Our guest this time, abolitionist revolutionary, author and lecturer Dr Aviah Sarah Day, describes the term carceral feminism as “a critique about a particular branch of the feminist movement”. With Aviah’s knowledge and experience in the movement, we get into why investing in policing and punitive responses to gendered violence will not save us!

Somehow the tech failed us on the recording of this episode (boo, hiss!) so we lost the second half of our chat with Aviah. Co-hosts Zoe and Larissa have wrapped up the chat by reflecting on some of the parts of the conversation that we lost.

In the episode, we discuss some examples of gendered and sexual violence, including r*pe, so if you’d like to skip that part of the conversation, hit pause at 32:14 and resume at 32:44. Masses of love and solidarity to any survivors listening.


Dr Aviah Sarah Day (2022) Why police will never be the answer to gendered violence

Aviah Sarah Day and Shanice Octavia McBean (2022) Abolition Revolution

Ruth Wilson Gilmore (2022) Abolition Geography: Essays Towards Liberation

Mariame Kaba (2022) We Do This 'Til We Free Us: Abolitionist Organizing and Transforming Justice

Oonagh Ryder and Mo Mansfield (2018) “Just Paint the Walls Pink”: Gender, Prison and Carceral Feminism


Find your local CopWatch group

Use Abolitionist Futures’ Framework differentiating between reformist reforms and abolitionist steps in UK policing

Episode Info

FOIs conducted by the Runnymede Trust reveal that there are almost 1000 police officer operating in UK schools, and there are plans to hire more. Children and young people are being robbed of their childhoods through criminalisation and surveillance in schools.

Why do the police appoint “Safer Schools Officers” when we know that police make marginalised children unsafe? Why are surveillance technologies being rolled out in schools? Why is community concern about all of this ignored? Co-hosts, Zoe and Larissa, ask all these questions and more on this week’s episode. Have a listen to learn more about the issues we’re facing and the orgs on the ground that give us hope!


The Runnymede Trust (2023) Over-policed and Under-protected Report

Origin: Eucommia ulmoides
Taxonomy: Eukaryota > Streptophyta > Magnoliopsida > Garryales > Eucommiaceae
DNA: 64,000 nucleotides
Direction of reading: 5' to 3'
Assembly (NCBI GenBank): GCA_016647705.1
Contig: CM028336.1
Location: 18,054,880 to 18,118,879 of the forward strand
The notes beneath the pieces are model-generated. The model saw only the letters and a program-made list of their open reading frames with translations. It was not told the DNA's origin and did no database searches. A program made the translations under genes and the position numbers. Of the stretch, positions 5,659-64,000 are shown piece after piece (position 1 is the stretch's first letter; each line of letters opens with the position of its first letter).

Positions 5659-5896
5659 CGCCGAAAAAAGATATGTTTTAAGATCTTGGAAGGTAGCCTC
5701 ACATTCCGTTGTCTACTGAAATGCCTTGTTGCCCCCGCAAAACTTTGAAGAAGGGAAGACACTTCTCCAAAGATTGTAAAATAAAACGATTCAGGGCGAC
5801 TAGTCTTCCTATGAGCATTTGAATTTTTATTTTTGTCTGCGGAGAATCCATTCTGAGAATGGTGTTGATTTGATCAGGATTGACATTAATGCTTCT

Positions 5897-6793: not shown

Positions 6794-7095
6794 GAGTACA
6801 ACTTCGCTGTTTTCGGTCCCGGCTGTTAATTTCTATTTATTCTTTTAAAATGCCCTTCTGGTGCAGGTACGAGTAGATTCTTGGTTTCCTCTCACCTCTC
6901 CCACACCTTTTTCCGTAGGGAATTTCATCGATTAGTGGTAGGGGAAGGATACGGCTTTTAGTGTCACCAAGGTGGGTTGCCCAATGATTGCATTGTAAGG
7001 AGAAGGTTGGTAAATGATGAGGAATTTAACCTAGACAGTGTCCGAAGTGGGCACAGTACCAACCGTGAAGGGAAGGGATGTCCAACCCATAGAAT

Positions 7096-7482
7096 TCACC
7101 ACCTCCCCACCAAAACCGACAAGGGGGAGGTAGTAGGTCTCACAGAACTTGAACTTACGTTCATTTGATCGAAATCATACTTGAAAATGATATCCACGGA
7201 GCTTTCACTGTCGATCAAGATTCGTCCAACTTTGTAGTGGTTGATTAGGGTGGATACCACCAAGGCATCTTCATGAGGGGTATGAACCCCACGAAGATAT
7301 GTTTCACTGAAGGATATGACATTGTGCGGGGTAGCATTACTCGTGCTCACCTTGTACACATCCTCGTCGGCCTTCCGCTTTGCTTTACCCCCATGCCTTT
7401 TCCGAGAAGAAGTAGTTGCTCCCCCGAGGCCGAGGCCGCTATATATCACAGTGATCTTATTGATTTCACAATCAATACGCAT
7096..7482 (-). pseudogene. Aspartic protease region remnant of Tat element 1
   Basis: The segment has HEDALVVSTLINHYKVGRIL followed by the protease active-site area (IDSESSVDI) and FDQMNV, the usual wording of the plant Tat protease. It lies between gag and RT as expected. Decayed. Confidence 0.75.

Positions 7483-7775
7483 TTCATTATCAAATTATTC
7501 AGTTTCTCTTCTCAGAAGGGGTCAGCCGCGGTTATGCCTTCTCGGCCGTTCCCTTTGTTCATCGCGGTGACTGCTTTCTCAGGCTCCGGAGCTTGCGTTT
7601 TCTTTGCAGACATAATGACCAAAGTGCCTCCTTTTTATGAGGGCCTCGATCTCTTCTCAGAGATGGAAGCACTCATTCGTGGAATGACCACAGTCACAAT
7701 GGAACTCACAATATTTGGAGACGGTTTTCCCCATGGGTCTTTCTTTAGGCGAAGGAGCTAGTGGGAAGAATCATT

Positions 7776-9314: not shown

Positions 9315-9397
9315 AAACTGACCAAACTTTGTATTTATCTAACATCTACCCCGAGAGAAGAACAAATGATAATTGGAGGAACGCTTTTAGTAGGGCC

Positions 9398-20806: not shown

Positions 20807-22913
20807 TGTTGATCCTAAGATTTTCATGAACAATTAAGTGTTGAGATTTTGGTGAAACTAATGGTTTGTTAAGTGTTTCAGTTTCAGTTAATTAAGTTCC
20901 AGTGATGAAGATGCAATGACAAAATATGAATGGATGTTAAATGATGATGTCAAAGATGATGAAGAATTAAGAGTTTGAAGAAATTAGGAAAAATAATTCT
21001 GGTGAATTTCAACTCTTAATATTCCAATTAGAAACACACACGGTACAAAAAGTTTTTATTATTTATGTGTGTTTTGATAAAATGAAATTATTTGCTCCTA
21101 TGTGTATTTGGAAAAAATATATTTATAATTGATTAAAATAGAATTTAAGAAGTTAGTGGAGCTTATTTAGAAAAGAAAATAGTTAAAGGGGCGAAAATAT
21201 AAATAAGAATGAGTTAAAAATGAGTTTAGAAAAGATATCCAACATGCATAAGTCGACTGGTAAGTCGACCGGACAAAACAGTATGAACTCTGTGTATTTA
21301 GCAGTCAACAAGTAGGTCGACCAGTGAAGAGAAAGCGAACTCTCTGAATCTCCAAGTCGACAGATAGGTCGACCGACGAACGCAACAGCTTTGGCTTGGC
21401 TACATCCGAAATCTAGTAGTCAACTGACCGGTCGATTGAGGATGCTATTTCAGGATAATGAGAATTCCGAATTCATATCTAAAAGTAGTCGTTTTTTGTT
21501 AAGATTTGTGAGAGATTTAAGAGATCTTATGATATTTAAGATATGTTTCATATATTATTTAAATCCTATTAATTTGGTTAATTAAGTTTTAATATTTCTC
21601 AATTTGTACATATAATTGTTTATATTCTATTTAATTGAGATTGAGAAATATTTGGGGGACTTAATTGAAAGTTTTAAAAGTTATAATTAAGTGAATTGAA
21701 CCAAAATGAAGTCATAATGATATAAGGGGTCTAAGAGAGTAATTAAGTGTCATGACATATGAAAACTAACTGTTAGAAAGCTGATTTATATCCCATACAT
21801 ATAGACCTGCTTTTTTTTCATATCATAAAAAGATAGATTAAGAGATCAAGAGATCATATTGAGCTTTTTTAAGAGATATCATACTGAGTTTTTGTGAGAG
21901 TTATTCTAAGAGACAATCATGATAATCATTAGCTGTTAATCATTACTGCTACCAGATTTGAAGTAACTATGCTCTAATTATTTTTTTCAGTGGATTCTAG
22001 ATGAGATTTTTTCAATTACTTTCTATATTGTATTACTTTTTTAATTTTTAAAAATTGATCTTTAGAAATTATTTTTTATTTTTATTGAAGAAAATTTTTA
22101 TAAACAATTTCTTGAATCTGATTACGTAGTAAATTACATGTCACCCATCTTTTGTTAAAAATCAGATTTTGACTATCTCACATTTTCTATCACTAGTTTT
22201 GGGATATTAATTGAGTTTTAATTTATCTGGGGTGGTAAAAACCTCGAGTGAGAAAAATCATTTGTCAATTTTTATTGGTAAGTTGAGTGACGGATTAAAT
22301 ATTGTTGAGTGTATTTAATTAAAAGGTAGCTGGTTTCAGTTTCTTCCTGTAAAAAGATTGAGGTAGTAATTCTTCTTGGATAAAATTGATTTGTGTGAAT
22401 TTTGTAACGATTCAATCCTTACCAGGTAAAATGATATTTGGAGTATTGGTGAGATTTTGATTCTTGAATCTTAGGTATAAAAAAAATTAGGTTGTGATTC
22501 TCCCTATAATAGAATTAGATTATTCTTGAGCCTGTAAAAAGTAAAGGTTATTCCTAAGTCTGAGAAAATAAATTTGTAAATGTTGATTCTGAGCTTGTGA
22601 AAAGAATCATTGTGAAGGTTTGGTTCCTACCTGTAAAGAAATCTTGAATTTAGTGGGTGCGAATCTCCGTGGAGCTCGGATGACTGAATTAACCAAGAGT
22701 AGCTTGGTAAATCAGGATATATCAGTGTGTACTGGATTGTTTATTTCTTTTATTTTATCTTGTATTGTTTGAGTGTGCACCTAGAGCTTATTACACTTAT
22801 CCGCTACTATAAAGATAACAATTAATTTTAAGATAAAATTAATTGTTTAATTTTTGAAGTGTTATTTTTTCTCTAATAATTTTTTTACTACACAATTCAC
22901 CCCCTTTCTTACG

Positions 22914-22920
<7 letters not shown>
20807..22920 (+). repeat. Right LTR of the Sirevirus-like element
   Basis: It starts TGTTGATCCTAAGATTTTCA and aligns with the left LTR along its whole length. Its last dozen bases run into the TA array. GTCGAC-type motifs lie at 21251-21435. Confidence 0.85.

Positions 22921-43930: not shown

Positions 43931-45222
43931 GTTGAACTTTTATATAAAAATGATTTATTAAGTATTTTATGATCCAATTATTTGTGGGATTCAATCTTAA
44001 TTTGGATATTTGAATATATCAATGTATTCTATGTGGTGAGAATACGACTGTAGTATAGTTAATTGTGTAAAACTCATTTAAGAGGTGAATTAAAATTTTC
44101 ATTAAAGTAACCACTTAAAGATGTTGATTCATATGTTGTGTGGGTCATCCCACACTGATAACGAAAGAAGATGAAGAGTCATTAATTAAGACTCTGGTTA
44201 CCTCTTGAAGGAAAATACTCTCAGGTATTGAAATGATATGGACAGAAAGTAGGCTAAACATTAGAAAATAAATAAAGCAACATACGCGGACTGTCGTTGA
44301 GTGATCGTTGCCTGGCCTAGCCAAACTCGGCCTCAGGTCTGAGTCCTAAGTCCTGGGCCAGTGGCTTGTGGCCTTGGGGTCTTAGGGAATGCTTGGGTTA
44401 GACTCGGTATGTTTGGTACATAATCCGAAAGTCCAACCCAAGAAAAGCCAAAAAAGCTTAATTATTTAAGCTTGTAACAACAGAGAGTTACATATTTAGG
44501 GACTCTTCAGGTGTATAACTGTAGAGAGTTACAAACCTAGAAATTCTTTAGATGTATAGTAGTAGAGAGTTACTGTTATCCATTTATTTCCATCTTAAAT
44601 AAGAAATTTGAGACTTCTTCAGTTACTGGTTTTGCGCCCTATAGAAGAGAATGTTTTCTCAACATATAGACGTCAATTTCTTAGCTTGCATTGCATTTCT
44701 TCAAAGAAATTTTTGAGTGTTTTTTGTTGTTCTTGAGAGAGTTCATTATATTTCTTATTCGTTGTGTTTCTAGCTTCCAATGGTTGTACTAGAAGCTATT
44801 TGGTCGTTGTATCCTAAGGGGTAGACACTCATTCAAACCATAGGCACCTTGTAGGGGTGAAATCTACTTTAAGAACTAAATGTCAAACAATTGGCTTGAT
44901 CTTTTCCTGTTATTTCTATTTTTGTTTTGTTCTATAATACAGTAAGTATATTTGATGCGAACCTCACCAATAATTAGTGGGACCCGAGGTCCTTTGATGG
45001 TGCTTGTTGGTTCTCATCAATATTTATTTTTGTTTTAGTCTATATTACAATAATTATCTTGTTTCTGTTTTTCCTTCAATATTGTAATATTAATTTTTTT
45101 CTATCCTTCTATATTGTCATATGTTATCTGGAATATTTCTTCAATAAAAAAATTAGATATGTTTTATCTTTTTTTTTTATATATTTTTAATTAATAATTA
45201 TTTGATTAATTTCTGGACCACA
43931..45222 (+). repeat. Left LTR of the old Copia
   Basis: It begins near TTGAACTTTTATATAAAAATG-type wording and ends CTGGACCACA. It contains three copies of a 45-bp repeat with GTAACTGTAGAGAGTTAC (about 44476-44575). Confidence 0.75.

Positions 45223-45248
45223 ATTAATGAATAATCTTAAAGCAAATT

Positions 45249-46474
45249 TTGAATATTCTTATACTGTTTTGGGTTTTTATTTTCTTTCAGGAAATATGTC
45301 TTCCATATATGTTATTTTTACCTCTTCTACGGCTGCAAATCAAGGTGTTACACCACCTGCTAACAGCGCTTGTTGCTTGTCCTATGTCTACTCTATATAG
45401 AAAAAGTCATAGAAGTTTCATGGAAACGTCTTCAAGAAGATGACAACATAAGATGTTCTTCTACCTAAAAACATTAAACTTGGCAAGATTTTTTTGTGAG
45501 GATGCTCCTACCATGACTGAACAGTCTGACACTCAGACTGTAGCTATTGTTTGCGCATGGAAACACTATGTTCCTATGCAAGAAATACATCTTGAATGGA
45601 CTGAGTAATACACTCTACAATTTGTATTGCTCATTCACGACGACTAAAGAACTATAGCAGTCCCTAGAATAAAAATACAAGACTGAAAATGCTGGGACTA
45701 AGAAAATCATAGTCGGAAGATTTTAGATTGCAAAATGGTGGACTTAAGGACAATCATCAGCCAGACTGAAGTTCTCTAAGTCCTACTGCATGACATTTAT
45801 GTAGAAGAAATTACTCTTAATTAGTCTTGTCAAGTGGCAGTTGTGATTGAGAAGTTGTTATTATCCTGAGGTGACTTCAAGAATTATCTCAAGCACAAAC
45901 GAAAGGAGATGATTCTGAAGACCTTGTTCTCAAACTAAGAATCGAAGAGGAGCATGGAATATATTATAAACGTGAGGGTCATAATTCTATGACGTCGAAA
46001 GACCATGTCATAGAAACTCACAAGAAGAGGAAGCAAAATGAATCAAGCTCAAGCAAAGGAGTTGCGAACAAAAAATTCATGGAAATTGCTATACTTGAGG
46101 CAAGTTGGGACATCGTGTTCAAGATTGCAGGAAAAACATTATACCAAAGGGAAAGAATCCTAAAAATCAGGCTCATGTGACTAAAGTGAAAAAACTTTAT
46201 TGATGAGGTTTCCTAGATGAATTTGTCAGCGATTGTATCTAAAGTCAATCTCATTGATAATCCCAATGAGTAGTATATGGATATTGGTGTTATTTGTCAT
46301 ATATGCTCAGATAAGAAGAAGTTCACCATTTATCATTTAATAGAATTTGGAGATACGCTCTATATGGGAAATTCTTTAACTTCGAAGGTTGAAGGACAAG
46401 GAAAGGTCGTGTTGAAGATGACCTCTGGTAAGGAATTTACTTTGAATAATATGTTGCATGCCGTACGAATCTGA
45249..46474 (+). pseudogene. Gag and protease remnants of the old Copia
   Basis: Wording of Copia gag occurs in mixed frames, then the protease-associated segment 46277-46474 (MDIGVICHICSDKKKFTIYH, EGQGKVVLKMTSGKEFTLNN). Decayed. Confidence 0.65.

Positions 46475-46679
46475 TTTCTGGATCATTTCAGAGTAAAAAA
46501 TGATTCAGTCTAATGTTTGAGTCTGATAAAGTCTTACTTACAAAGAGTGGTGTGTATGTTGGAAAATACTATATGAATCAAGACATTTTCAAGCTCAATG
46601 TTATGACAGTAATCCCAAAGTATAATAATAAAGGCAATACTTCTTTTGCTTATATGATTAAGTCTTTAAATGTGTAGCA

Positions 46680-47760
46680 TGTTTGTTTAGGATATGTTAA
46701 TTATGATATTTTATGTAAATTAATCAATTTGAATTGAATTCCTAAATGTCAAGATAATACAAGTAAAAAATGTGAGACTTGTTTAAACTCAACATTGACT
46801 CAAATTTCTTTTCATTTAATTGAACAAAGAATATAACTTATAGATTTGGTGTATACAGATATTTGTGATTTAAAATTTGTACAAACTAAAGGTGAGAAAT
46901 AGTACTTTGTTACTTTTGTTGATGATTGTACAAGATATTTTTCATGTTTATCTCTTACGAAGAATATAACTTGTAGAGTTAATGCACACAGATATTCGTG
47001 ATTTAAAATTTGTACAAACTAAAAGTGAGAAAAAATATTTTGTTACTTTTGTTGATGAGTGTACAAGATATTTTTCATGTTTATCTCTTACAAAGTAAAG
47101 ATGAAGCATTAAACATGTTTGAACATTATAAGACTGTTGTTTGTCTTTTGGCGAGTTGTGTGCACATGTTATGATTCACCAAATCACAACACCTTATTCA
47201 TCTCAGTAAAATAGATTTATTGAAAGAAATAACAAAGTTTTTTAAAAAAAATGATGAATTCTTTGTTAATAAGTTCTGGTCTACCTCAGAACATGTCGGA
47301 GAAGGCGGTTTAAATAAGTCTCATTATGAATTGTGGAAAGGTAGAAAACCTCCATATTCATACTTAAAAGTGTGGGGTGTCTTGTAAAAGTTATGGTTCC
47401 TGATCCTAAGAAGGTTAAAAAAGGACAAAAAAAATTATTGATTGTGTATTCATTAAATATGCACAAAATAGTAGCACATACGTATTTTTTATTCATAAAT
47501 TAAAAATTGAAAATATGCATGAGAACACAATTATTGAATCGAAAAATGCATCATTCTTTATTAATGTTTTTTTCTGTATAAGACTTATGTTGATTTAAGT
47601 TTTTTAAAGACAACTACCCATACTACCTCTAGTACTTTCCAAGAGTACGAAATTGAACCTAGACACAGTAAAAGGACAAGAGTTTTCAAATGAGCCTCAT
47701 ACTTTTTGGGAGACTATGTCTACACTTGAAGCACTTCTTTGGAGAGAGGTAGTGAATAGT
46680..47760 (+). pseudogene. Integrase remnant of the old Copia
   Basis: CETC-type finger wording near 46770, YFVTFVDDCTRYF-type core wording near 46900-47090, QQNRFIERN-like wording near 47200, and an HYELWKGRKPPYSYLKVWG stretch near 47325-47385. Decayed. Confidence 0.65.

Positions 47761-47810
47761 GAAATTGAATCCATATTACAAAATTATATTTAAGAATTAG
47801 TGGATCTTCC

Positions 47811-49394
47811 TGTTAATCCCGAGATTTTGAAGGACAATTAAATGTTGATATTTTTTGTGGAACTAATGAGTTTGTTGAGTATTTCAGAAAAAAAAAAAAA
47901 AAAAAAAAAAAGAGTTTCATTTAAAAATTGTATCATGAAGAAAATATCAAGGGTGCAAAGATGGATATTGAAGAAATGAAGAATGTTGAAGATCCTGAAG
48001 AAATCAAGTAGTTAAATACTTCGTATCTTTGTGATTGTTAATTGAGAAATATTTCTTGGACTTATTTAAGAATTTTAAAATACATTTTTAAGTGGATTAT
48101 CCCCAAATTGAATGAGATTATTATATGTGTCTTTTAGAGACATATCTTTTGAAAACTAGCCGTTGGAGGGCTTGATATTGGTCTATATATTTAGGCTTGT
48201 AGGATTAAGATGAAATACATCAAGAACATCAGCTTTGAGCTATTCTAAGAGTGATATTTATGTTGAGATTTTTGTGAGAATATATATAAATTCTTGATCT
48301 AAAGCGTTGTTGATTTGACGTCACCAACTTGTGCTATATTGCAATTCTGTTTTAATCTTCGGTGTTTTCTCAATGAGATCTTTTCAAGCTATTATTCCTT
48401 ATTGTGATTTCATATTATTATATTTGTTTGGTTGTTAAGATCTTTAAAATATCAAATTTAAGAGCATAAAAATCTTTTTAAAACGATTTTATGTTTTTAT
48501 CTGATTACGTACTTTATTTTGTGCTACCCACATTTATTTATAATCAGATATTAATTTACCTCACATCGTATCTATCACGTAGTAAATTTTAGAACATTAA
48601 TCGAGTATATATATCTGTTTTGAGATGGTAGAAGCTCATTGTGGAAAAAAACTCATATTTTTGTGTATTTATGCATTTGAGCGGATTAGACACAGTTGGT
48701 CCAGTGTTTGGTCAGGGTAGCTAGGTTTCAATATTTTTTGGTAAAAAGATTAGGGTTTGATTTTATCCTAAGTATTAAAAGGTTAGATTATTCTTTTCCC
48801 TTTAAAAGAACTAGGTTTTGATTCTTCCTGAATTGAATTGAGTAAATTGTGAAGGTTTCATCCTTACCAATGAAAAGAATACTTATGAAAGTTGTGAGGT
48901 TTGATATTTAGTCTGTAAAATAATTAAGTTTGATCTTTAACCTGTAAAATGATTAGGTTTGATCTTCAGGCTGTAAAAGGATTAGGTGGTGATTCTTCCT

No More Exclusions (2021) School Exclusions During the Pandemic: Why we need a Moratorium

The 4 Front Project

Safeguarding, Surveillance and Control: School Policy and Practice Responses to the Prevent Duty and the ‘war on terror’ in the U.K. Necla Acik, Jo Deakin and Bob Hindle 2018

Curating Risk, Selling Safety? Fear of Crime, Responsibilisation and the Surveillance School Economy Emmeline Taylor

Surveillance Won’t Protect Students with Chris Gilliard, Tech Won't save us Podcast

Articles to read:

If exclusion is retribution, abolition in education is freedom! - Shado Magazine

Obedience, Oppression and Capitalism: why we need to address the legacy of schools - Shado Magazine

Episode Info

Have you ever felt hopeless? Like everything is too complicated? Society is too hard to change?

Then maybe you need a bit of Solarpunk in your life, an art aesthetic / literary genre / political movement, proposing a radical different way of living and being.

In this episode, co-host Zoe fangirls over Andrew Sage, an artist, YouTuber and organiser on solarpunk and leftist politics. Andrew deftly diagnoses our inability to radically change society is rooted in that we don’t know what alternative we are proposing. Solarpunk provides a vision for us to work towards, and values to build sustainable and successful movements for change.

In the words of Toni Cade Bambara, “the role of the artist is to make the revolution irresistible.”

Check out Andrews YouTube here YouTube.com/Andrewism & Patreon here patreon.com/saintdrew


SOLARPUNK 2021 - A Collaborative Art Project, Andrewism

The Hope of Solarpunk (2021) Andrew Sage and Sabrina Gaveard, Shado

What is Solarpunk (2023) Andrew Sage and Wei wu, Shado

Building Utopia Pt 3: Harmony Between Humanity, Technology, and Nature (2022) Jank

Tools for Conviviality (1973) Ivan Illich

Solaprpunk reading list:

Walk Away (2017) Cory Doctorow

The Dispossessed (1974) Ursula K. Le Guin

A Psalm for the Wild-Build (2021) Becky Chambers

Ecotopia (1975) Ernest Callenbach

Episode Info

Hello, we are scared of Big Tech and iPhones are cursed!

This ep the girls are getting into the dark side of Apple: how was it able grow so exponentially in the noughties?